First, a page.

Calls for increased transparency are pervasive, particularly after the recent series of financial crises, prominent accounting fraud scandals and public outrage about excessive shifting of taxable profits by global corporations. These calls for more transparency continue to exist despite concerted regulatory actions with the aim of increasing firm transparency that have substantially tightened reporting requirements for companies and introduced a whole portfolio of anti-avoidance measures. Consequently, both the amount of available information as well as the regulatory burden of firms have increased substantially world-wide. Complexity has increased and creates opportunities for regulatory arbitrage. However, whether this increased level of information has generated more transparency and its expected positive societal outcomes is unclear.
The historical role of accounting is to aggregate firm-level information into quantitative data. These data are communicated to insiders and outsiders of the firm, who use it to levy taxes and to support investment as well as other economic decisions. The digital revolution has drastically changed the information environment: Information has become ubiquitous, is being generated by diverse senders and distributed via a variety of channels to heterogeneous receivers who process and analyze the data and base various decisions on it. It is unclear how the traditional methods of accounting that focus on numbers, facts, and verified judgments can continue to create transparency in this transformed landscape.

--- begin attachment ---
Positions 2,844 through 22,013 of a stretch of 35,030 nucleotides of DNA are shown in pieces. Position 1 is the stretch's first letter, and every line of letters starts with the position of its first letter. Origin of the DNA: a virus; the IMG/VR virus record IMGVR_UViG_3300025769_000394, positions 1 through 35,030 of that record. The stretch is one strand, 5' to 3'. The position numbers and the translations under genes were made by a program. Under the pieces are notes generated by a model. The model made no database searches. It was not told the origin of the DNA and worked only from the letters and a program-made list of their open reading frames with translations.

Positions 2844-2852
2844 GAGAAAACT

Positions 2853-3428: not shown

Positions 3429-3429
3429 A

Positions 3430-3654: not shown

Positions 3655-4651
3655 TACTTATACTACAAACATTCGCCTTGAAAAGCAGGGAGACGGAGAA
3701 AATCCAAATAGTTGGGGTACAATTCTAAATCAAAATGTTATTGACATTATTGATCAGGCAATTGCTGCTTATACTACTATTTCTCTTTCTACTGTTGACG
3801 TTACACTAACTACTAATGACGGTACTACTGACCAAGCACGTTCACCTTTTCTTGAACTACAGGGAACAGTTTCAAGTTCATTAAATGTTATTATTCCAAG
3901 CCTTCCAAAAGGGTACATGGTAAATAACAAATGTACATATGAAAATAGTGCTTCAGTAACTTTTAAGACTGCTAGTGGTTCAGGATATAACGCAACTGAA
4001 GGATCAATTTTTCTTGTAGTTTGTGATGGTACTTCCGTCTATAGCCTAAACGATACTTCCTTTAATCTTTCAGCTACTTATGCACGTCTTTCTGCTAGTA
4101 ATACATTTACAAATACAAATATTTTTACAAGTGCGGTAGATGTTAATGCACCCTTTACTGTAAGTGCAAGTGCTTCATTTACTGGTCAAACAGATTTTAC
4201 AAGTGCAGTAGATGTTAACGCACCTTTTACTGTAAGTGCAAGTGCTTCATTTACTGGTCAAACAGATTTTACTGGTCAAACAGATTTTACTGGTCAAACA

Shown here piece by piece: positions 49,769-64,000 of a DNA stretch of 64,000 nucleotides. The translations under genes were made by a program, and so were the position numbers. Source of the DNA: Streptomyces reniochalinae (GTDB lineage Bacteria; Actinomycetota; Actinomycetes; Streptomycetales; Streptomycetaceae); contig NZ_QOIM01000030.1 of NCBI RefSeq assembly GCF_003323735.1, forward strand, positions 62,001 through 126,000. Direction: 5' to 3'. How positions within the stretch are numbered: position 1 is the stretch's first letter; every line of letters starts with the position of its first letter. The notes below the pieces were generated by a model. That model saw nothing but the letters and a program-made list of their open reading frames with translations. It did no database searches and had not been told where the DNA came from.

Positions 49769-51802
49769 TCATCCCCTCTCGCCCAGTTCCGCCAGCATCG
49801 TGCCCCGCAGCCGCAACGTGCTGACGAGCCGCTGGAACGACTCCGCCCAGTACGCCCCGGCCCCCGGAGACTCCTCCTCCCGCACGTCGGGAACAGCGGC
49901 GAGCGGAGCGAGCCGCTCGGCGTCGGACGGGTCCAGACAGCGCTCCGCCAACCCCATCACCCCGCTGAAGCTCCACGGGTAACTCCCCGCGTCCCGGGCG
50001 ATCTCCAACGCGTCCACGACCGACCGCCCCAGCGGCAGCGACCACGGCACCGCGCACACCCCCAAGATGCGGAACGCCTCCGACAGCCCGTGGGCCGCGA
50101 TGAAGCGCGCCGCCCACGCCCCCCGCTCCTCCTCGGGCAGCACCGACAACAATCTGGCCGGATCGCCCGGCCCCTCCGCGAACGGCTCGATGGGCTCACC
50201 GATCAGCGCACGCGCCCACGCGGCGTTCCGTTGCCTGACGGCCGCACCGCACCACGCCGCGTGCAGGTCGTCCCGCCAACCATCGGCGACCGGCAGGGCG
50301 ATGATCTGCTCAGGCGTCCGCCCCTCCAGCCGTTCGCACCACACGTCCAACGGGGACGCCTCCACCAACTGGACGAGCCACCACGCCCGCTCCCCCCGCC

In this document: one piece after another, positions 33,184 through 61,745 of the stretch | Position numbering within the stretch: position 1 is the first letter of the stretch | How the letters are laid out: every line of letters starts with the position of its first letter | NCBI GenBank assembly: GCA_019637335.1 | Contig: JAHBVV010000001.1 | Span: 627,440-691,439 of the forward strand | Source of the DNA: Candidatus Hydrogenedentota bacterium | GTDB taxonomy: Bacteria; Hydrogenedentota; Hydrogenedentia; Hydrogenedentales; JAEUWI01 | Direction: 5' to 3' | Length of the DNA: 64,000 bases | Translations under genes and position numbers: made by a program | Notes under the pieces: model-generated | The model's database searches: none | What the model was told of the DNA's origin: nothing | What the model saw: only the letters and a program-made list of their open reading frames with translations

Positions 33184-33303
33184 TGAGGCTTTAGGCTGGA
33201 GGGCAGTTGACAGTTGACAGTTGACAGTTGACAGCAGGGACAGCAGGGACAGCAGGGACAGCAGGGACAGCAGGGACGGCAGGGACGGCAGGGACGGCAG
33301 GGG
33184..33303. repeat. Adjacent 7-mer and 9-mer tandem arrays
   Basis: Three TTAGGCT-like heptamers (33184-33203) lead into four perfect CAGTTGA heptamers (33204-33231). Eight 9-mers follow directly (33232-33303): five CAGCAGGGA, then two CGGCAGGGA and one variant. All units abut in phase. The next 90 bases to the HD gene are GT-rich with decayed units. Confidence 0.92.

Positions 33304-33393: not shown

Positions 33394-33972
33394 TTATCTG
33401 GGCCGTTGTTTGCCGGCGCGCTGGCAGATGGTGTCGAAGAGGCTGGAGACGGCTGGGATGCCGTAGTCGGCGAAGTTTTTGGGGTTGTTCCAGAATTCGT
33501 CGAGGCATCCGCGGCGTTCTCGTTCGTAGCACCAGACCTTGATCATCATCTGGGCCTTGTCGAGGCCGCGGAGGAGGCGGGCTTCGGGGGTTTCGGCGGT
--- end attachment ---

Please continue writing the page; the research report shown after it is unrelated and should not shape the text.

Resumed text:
We collect field data to analyze the perception, processing and handling of accounting information. We study how regulations, behavior, and preferences of economic agents shape accounting information and its effects on the transparency of firms. One focus lies on the transparency of the accounting and business taxation system. Furthermore, we assess the consequences of transparency for firms, their stakeholders and the general public. The insights from these activities will allow a well-founded assessment of regulatory reforms in the area of business taxation and financial reporting. To this end, the TRR 266 contributes to evidence-based policy making and to establishing a transparent tax system.
TRR 266‘s main locations are Paderborn University, HU Berlin, and University of Mannheim. All three locations have been centers for accounting and tax research for many years. They are joined by researchers from LMU Munich, Frankfurt School of Finance and Management, WHU – Otto Beisheim School of Management, European School of Management and Technology in Berlin and Goethe University Frankfurt who share the same research agenda.